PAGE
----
Marsden Hartley was a major American painter, to my mind a great one. Robert Hughes called him “the most brilliantly gifted of the early generation of American modernists,” a judgment with which I increasingly incline to agree. Yet his work has never come close to receiving its due, and “Marsden Hartley’s Maine,” which went up last week at the Met Breuer, is the first museum survey of his work to be seen in New York in nearly forty years.
It isn’t hard to see why Hartley isn’t better known. He died in 1943, just before the abstract expressionists turned American art upside down. By then he had long since renounced abstraction to concentrate on painting the landscapes of Maine, his home state, working in a strong, at times almost rough-hewn style that is—like certain difficult people—easier to love than to like.
Clement Greenberg, always a shrewd observer of the American art scene, remarked in 1950 that Hartley’s landscapes
have an intensity and are animated by a desire to break through to a fresh and directer reality of pictorial feeling that bring them close somehow to the most recent abstract painting. I myself value them for their clumsiness and the sincerity of their failures almost as much for the rightness of their successes. There are and have been greater painters than Hartley, but few whose sentiment I value more.
I myself would say “awkward” rather than clumsy, but otherwise Greenberg put his finger on it: Hartley was to Cézanne what Milton Avery, another chronically underappreciated American master, was to Matisse, and it is Cézanne’s deliberately, purposefully awkward way of portraying the visible world that shaped his later style more than that of any other painter. Such artists are rarely fashionable, whether in their own time or for long afterward.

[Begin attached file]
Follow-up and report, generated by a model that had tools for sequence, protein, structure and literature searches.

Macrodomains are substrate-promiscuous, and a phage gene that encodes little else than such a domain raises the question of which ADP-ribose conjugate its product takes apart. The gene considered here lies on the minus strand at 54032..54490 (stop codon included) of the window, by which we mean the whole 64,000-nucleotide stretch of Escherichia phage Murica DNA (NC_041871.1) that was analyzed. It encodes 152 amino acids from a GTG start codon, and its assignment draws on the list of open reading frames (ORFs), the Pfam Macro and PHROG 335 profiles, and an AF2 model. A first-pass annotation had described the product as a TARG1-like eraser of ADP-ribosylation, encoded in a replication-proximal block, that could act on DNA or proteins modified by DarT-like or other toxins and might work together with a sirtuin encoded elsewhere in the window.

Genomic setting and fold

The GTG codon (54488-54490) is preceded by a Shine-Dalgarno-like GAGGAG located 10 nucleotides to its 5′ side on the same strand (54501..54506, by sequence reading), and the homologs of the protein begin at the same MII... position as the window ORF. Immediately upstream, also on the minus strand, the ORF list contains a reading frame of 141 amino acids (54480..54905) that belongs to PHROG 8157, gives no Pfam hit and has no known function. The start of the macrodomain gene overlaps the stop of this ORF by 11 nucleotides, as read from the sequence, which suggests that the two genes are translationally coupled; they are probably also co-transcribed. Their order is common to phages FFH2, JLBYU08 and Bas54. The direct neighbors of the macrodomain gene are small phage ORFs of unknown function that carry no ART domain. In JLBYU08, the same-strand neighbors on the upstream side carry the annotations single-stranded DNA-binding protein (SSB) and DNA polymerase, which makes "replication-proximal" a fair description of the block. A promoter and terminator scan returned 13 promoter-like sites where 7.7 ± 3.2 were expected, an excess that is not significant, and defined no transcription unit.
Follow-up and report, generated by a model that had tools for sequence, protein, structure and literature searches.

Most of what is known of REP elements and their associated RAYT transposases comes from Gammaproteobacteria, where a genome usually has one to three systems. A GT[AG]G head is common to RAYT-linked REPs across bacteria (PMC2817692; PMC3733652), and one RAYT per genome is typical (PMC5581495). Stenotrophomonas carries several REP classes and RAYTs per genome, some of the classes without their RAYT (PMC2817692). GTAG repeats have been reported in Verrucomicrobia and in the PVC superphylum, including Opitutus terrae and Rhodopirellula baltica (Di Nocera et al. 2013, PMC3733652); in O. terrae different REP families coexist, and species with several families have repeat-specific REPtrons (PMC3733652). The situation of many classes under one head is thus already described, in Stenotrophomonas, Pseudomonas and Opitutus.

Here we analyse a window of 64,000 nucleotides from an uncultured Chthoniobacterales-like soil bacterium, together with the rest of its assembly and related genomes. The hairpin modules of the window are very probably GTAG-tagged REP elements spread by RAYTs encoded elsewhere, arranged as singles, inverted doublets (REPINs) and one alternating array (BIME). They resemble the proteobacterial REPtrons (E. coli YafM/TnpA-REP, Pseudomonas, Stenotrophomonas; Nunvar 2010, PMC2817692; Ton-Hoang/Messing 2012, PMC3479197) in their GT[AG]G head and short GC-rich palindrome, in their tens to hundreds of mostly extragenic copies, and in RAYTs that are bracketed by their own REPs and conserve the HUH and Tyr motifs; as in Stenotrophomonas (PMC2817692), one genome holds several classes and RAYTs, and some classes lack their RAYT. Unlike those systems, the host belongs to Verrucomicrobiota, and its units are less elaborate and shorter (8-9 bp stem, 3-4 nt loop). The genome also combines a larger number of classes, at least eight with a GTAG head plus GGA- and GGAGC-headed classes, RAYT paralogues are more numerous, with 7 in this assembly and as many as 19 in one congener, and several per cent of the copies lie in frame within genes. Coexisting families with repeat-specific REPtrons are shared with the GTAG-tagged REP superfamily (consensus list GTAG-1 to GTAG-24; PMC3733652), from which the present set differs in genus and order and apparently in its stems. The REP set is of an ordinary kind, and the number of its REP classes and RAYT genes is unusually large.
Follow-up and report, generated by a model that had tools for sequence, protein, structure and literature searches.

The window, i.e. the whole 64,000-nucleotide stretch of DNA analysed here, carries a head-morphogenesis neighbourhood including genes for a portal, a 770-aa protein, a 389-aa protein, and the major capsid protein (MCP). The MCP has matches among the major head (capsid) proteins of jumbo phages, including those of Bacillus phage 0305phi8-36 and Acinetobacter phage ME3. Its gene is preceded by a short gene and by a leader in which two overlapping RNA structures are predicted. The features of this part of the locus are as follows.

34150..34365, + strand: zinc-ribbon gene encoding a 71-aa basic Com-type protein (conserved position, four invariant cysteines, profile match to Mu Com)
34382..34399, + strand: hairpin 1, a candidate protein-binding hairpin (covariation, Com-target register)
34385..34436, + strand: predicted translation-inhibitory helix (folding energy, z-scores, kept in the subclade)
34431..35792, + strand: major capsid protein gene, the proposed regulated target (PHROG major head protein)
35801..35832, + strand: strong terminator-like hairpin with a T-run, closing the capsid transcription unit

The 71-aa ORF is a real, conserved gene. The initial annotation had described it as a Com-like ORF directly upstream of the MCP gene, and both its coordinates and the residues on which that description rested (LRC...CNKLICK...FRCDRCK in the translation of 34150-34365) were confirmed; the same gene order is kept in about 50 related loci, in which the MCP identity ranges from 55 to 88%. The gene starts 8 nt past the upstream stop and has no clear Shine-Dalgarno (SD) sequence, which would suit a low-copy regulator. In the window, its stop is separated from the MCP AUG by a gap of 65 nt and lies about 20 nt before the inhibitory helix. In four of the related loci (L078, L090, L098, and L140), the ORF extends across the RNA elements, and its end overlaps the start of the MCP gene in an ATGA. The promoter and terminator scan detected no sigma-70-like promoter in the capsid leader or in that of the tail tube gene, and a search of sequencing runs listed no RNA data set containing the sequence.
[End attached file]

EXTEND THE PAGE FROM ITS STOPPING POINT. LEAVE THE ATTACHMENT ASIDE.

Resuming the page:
To be sure, most American scholars agree that Hartley was an artist of quality, and you’ll find at least one of his paintings hanging in most American museums, in part because his work is more affordable than that of his celebrated successors. (That’s why Mrs. T and I were able to acquire one of his little-known lithographs in 2006.) Many of the finest paintings and drawings in “Marsden Hartley’s Maine,” for instance, are owned by such regional collections as Maine’s Colby College Art Museum, Arkansas’ Crystal Bridges Museum of American Art, New Hampshire’s Currier Museum of Art, and the Saint Louis Art Museum.
Nevertheless, opportunities to see and digest Hartley’s work in bulk are vanishingly rare, which is part of what makes this well-curated, sensitively hung show so important. It’s not a conventional retrospective, concentrating as it does on his paintings, early and late, of Maine and its people. To the extent that he’s remembered today, it’s for the work that he did in between, especially during the time that he lived in Germany, where he turned out a series of emotionally charged abstract paintings that have long found favor with critics who have little use for the rest of his output.
But Hartley, in his own opinion and in mine as well, was usually at his best when he painted Maine. “Maine is a strong silent country,” he wrote in 1939, “and so I being born there am able to express it in terms of itself with which I am familiar.” Accordingly, “Marsden Hartley’s Maine” contains dozens of stirring canvases that show the state he loved in a wide variety of aspects. My four favorite pieces in the show, “Winter Chaos, Blizzard” (1909), “Smelt Brook Falls” (1937), “Storm Down Pine Point Way, Old Orchard Beach” (1941-43), and “Mount Katahdin, Snow Storm” (1942), are all reproduced here. None is like its companions save in subject matter, yet all are instantly recognizable as his work. To see them in a single day, along with many other paintings of like quality, was a experience I never thought I’d have.
It’s possible that I wouldn’t have come to love Hartley as passionately as I do had Mrs. T and I not spent so much time up north in recent years. Whenever I see one of his later paintings, I’m put in mind of Maine’s endlessly varied, endlessly fascinating landscapes and seascapes. All the more reason, then, why I should have been so thrilled by “Marsden Hartley’s Maine.” Nobody, not even Winslow Homer or John Marin, has had a richer appreciation of the stony, unyielding beauty of Maine, and I doubt you’ll ever get a better chance to see how much he made of it.
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“Marsden Hartley’s Maine” is on display at the Met Breuer, 945 Madison Avenue, through June 18. For more information, go here.
The show then travels to the Colby College Museum of Art in Waterville, Maine, where it will be on display July 8-November 12. For more information, go here.
A video preview of the show: